Opinion: ‘Not all men,’ but nearly all women

Julia Dailard, Photo Editor

Art by Katie Lew.

So far, 17, if anything, has been a year of transition for me—a transition to freedom, independence, adulthood, and consequently, womanhood. For most of my life, I knew that my ticket to the freedom I had always longed for was receiving my drivers license, and after 16 had passed and I was still relying on my older sister to drive me everywhere, I was determined to make 17 the year I progressed towards this long-awaited ticket to freedom. 

Now, five months into 17, I am, in all likelihood, only a few months away from becoming a licensed driver. To prepare me for this new stage in my life, my parents decided it was time I received a gift—a gift that, in their words,  would equip me for my fast-approaching independence, just as it did for my older sister when she was gearing up for her driver’s test. 

I was certain I was about to be handed a pair of keys to my very first car, but my excitement washed away when instead, I was handed a can of pepper spray. It was pink. 

My transition to independence, my welcome to womanhood, was not marked by a drivers license and a pair of car keys like I had hoped, but by a can of pink pepper spray and the grim realization that my being a woman came with a target on my back, a target that I had never truly been aware of until that moment. 

 “It’ll be good practice to start carrying it with you now,” my parents told me. “So by the time you do get your license, you won’t even have to think twice about grabbing it before you head out the door.” 

I knew that my parents didn’t say this to scare me and that they only wanted to prepare me for my new reality, but the reality of being a woman in a world where sexual harassment towards women is not only widespread, but normalized, is scary. 

It’s scary when you can’t go to the grocery store alone without being followed through each aisle by a man you’ve never met before. It’s scary when you can’t walk down a street without being objectified by men hollering at you from their car. It’s scary when men approach you at the gas station, the beach, coffee shops, and your job, to ask for your number before threatening you when you politely decline. It’s scary when you have to lie about a boyfriend you don’t have in order to get them to leave you alone. It’s scary when the only means of defending yourself against sexual violence is a can of pink pepper spray. But perhaps the scariest part of it all is that there’s still a large population of men who question the validity of women’s experiences with sexual violence because, of course, not all men are perpetrators.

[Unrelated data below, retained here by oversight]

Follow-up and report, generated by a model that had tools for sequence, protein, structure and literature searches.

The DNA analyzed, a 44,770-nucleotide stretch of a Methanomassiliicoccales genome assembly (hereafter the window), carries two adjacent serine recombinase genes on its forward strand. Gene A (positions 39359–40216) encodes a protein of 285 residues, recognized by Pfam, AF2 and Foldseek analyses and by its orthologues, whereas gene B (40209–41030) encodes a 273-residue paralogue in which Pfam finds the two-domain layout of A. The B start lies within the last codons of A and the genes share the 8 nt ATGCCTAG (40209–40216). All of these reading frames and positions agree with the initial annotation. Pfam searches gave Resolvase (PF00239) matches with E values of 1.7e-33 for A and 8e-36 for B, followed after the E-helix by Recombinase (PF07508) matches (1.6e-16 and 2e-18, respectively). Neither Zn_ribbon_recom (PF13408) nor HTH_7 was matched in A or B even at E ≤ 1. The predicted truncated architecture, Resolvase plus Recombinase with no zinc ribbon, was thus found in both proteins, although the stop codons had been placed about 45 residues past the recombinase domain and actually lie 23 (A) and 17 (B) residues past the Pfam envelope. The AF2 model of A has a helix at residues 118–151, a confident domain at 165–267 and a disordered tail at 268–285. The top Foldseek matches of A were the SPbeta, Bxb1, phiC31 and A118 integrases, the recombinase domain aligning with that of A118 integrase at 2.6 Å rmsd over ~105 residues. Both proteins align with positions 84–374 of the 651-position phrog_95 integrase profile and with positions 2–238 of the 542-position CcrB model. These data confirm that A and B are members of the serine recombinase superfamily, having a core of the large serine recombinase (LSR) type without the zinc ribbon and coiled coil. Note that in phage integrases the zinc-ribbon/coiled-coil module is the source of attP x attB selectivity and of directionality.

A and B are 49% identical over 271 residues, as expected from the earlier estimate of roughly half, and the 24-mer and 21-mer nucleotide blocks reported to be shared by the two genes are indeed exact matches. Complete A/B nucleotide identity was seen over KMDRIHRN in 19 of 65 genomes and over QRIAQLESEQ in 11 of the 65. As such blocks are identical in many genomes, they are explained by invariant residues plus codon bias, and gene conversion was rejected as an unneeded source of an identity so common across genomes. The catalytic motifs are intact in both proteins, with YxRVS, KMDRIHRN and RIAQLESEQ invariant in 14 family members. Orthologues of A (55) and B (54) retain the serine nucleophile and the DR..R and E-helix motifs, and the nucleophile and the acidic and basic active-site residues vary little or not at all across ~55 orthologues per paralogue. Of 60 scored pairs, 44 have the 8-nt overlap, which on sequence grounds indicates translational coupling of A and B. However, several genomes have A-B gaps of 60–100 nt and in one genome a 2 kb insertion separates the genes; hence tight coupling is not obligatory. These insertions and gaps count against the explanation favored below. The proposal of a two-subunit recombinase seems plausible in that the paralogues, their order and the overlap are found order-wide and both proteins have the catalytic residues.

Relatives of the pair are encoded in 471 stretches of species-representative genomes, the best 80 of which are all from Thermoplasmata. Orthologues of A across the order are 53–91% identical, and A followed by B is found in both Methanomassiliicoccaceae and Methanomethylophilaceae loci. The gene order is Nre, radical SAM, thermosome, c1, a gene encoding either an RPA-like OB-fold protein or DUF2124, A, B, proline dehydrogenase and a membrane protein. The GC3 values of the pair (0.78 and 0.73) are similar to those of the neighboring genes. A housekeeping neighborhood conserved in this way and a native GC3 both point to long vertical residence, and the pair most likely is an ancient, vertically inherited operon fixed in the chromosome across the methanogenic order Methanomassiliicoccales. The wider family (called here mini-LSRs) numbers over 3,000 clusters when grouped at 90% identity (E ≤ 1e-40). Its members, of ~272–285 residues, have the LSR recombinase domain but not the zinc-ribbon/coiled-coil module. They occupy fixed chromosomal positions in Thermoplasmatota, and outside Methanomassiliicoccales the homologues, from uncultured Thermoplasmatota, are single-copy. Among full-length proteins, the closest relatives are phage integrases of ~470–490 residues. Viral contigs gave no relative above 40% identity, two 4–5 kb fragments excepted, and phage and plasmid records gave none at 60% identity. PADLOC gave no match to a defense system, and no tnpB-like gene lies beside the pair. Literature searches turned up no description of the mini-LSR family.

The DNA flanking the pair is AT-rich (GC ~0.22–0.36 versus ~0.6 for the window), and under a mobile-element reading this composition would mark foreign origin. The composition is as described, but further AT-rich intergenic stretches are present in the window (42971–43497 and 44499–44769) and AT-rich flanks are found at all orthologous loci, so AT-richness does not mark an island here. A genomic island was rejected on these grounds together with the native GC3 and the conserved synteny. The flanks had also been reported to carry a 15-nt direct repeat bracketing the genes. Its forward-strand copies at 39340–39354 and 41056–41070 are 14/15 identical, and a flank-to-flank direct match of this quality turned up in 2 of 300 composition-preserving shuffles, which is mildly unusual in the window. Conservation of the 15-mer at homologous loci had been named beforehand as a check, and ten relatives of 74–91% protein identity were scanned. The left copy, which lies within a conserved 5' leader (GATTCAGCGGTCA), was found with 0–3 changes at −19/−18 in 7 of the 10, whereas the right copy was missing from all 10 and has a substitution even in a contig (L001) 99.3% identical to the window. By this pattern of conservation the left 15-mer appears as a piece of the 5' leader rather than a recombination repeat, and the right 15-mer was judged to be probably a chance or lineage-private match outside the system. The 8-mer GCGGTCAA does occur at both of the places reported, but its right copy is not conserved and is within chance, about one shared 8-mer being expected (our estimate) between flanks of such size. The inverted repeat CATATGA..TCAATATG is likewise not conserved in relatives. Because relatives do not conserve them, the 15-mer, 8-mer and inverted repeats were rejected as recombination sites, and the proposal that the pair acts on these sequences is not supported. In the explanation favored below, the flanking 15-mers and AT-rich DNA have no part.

In early March of this year, the UN Women National Committee UK published a study showing that 97% of UK women between the ages of 18-24 have experienced sexual harassment in public spaces at least once over the course of their lifetime. Within days of the study’s release, its findings began circulating across various social media platforms such as Twitter and TikTok, where thousands of men took to comment sections with the rebuttal that “not all men” are a threat.  Many also claimed that the statistic was inaccurate. 

Perhaps even more unsettling to find, was that following the attention the study received on social media, the hashtag #NotAllMen began trending on Twitter, at one point even surpassing #SarahEverard on the trending list—the name of a woman who was kidnapped and murdered while walking home from a friend’s house just days before the study’s release.

I really wish I could say I’m surprised by this response, but I’m not. For far too long whenever women have tried to speak out against sexual harassment and share their own stories of it, men have tried to minimize their experiences because they take it as an attack on themselves. 

Our cry for change is not an attack on men. We are simply trying to be heard. 

Women are well aware that not all men are perpetrators, but nearly all women are victims of some form of sexual abuse and oftentimes we don’t know which men are a threat until it’s too late. 

It’s true that not all men are abusers, but the sentiment behind #NotAllMen isn’t seeking the truth, it’s seeking permission to continue living as we always have. But with the way things are now, women all over the world have to carry around cans of pink pepper spray in order to feel protected. 

With every unwanted advance, touch and catcall, we swallow our discomfort because, after all, this isn’t anything out of the ordinary, this is just the normal female experience. The thing is, sexual harassment shouldn’t be normal, but it’s further normalized every time men try to minimize womens’ experiences—#NotAllMen included. 

If we want to progress towards any meaningful change, then we have to stop treating instances of sexual harassment towards women as isolated occurrences. They’re not. They’re only the tip of an iceberg so large that it is prevalent across all of global society. For far too long women have suppressed their experiences with sexual abuse because of how widespread the issue is. At a certain point, it sadly begins to feel like a normal part of womanhood. It doesn’t have to be. 

I really hope that in the future I’ll be able to retire my can of pink pepper spray and that I won’t have to pass one on to my daughter someday. But that can’t even become a possibility until more men are willing to listen and understand just how deeply ingrained the fear of violence and harassment is in every woman’s consciousness.